Shadow Dancer (Blu-ray) (2012)
|Year Of Production||2012|
|RSDL / Flipper||No/No||Cast & Crew|
|Region Coding||4||Directed By||James Marsh|
|Pan & Scan/Full Frame||Full Frame||
English DTS HD Master Audio 5.1
English Dolby Digital 5.1 (448Kb/s)
|Widescreen Aspect Ratio||1.85:1|
|Original Aspect Ratio||2.35:1||Miscellaneous|
|Annoying Product Placement||No|
|Action In or After Credits||No|
British filmmaker James Marsh is best known for his documentary works, including the recent Project Nim and the Oscar winning Man on Wire. He applies some of the same cool documentarian eye to the recent feature film, Shadow Dancer, a slow burn psychological thriller set amongst the Irish Troubles in the early 90s.
Colette McVeigh (Andrea Riseborough) belongs to a family with strong IRA sympathies. In the early 70s she watched as her young brother was carried back from a routine shopping trip dying of bullet wounds. 20 years later and she and her two brothers Gerry (Aidan Gillan Littlefinger from Game of Thrones) and Connor (Domhnall Gleeson the eldest Weasley brother in the last Harry Potter films) are all deeply committed to the cause under the mildly reproving gaze of Ma (Brid Brennan).
Colette is in London in 1993 charged with the task of placing a bomb in the subway system. She messes up and doesn't even set the timer. Little did she know that her entire activities were under the watchful eye of MI5 and she is taken into custody. Special Agent Mac (Clive Owen) gives her a simple choice. She is to act as an informant for MI5 or spend 25 years in an English jail whilst her young son grows up not knowing his mother. Eventually, reluctantly, she agrees.
Returning to Ireland she comes under the watchful eye of the local IRA leader Kevin (David Wilmot) who finds the ease with which she escaped the scene of the failed bombing a little bit hard to accept. Sceptical of the ongoing peace talks in Northern Ireland he is determined to root out the informant that he knows to be undermining their efforts in the region.
Mac was specifically ordered by his boss (Gillian Anderson) to recruit Colette but paranoia sets in when he discovers that there are machinations going on in the background with he and Colette seemingly just pawns in a much bigger game.
Shadow Dancer is an intriguing thriller. Director Marsh, working from the novel and script by Tom Bradby creates a film of often unrelieved tension. Colette is a woman impossibly split between her beliefs and upbringing and the possibility of a future without her child. Riseborough, last seen as Wallis Simpson in Madonna's WE, puts in a strong performance as the conflicted woman and she is well matched by Clive Owen as the man who is dedicated to the cause but equally dedicated to keeping his promises to his informants.
The film makes very few concessions to those with no understanding of the Troubles and will probably be best enjoyed by those who like their spy films tense and cold like the recent Tinker Tailor Soldier Spy.
Shadow Dancer was shot on 35mm film and projected in the cinema at a 2.35:1 aspect ratio.
The Blu-ray case for this release describes it as having a 16×9 2.35:1 transfer. It does not. It is a 1.85:1 (actually closer to 1.81:1) transfer which obviously has some differences from the cinema version. It is difficult to know where this cropped transfer has originated. It may have been for cable television or airline viewing.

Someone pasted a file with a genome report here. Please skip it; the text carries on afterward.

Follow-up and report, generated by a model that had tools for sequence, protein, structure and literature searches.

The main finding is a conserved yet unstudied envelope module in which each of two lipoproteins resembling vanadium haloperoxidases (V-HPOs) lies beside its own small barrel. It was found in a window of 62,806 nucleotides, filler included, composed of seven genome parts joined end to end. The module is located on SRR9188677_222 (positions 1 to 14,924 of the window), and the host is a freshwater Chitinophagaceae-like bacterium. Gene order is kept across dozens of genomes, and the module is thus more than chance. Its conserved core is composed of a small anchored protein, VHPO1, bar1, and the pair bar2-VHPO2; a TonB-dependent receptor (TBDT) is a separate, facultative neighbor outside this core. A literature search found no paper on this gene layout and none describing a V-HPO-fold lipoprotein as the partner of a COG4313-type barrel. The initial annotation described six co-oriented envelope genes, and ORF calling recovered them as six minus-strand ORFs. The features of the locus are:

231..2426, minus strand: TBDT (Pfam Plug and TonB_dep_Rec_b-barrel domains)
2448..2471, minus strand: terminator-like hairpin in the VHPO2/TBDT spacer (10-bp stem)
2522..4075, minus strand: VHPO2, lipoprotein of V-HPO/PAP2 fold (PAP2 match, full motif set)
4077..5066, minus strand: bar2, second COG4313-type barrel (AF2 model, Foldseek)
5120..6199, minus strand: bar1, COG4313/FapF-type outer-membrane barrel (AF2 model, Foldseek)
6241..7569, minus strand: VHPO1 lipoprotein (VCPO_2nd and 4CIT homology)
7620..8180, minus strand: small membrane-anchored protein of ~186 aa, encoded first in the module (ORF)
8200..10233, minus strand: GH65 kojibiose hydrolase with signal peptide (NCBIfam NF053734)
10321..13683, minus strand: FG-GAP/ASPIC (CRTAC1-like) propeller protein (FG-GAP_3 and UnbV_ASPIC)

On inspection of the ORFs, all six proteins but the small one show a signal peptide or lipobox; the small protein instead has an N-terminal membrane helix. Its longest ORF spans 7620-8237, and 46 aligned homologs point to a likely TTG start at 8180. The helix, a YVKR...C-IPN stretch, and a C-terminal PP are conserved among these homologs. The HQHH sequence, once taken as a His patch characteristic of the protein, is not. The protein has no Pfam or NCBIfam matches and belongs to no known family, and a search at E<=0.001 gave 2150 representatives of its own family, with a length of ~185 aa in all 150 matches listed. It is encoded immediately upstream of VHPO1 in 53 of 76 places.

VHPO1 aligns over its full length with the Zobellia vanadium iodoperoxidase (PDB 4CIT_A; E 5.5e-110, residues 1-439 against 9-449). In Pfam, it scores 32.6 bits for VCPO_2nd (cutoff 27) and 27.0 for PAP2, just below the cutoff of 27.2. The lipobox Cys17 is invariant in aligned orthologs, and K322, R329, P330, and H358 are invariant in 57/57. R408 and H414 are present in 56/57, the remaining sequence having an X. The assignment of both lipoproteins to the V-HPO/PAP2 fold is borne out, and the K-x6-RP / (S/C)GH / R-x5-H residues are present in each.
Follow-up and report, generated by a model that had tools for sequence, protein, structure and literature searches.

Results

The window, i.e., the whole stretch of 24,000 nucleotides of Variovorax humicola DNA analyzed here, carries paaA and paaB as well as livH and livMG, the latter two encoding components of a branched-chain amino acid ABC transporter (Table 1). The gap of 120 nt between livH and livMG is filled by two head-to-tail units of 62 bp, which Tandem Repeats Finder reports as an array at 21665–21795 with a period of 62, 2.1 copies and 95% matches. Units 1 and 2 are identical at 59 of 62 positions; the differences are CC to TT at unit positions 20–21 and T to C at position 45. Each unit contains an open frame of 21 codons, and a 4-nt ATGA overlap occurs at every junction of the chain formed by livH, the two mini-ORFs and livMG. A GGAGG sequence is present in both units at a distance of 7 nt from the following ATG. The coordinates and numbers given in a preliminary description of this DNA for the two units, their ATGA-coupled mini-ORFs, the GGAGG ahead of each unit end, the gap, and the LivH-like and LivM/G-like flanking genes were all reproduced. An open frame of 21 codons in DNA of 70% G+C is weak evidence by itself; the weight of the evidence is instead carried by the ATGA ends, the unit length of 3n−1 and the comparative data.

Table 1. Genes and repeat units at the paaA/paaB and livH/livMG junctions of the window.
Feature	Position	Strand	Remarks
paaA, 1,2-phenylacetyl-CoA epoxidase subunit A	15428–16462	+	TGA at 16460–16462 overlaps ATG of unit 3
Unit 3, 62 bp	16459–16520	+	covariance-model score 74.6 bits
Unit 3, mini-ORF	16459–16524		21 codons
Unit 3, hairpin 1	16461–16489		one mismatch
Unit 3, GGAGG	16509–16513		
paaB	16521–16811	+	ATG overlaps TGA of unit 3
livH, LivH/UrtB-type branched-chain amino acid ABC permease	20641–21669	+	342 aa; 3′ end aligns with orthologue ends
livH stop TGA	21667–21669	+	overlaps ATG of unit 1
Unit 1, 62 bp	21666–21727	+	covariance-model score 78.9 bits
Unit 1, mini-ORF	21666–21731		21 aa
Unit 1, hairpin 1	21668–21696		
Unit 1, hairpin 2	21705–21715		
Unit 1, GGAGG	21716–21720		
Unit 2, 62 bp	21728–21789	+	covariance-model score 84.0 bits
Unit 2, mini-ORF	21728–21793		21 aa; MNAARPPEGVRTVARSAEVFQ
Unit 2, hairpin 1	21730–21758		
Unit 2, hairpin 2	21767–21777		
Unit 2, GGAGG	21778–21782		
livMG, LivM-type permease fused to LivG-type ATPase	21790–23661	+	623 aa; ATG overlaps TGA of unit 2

The transfer itself is fairly decent although Marsh and cinematographer Rob Hardy worked hard to create an early 90s look. In this case the lighting is fairly diffuse creating a slightly overexposed look to the film. This can play havoc with compression however the film looks decent throughout.
The colours are somewhat muted though stable. The flesh tones are accurate.
There are no technical problems with the film.
There are no subtitles.
Shadow Dancer carries two English-language soundtracks. One is a DTS-HD Master Audio 5.1 track and the other a standard Dolby Digital 5.1 track.
As might be expected the high-definition sound track gives greater depth and clarity throughout.
As said above there are no subtitles for this film. This is at times a major problem. With the exception of a couple of the Brits all the main characters speak with strong Northern Ireland accents. Sometimes that can make it very difficult to determine what is being said. For a film that relies upon whispers and intricate dialogue it is a disappointing problem.
The surround sound is not used greatly throughout the film and the sub-woofer is likewise engaged rarely. That is not a criticism, however, but rather a reflection of the type of film.
Music is by former Tindersticks lead Dickon Hinchliffe who brings his continuing prowess as a film score composer to bear creating a perfect accompaniment to the film.
|Surround Channel Use|
There are no extras with this release.
NOTE: To view non-R4 releases, your equipment needs to be multi-zone compatible and usually also NTSC compatible.
The Region B UK release has the film in the correct ratio, together with subtitles an audio commentary and a very short making of featurette. Any guesses which is the best version for fans?
Shadow Dancer is probably a better film than this release allows. It would have been nice to see it in the correct aspect ratio and also to have the benefit of subtitles. Nevertheless fans of spy thrillers will get a serious buzz about the complex and taut plot and character development.
|DVD||Cambridge 650BD (All Regions), using HDMI output|
|Display||Sony VPL-VW80 Projector on 110" Screen. Calibrated with Video Essentials. This display device is 16x9 capable. This display device has a maximum native resolution of 1080p.|
|Audio Decoder||Built in to amplifier/receiver. Calibrated with Ultimate DVD Platinum.|
|Amplification||Pioneer SC-LX 81 7.1|
|Speakers||Aaron ATS-5 7.1|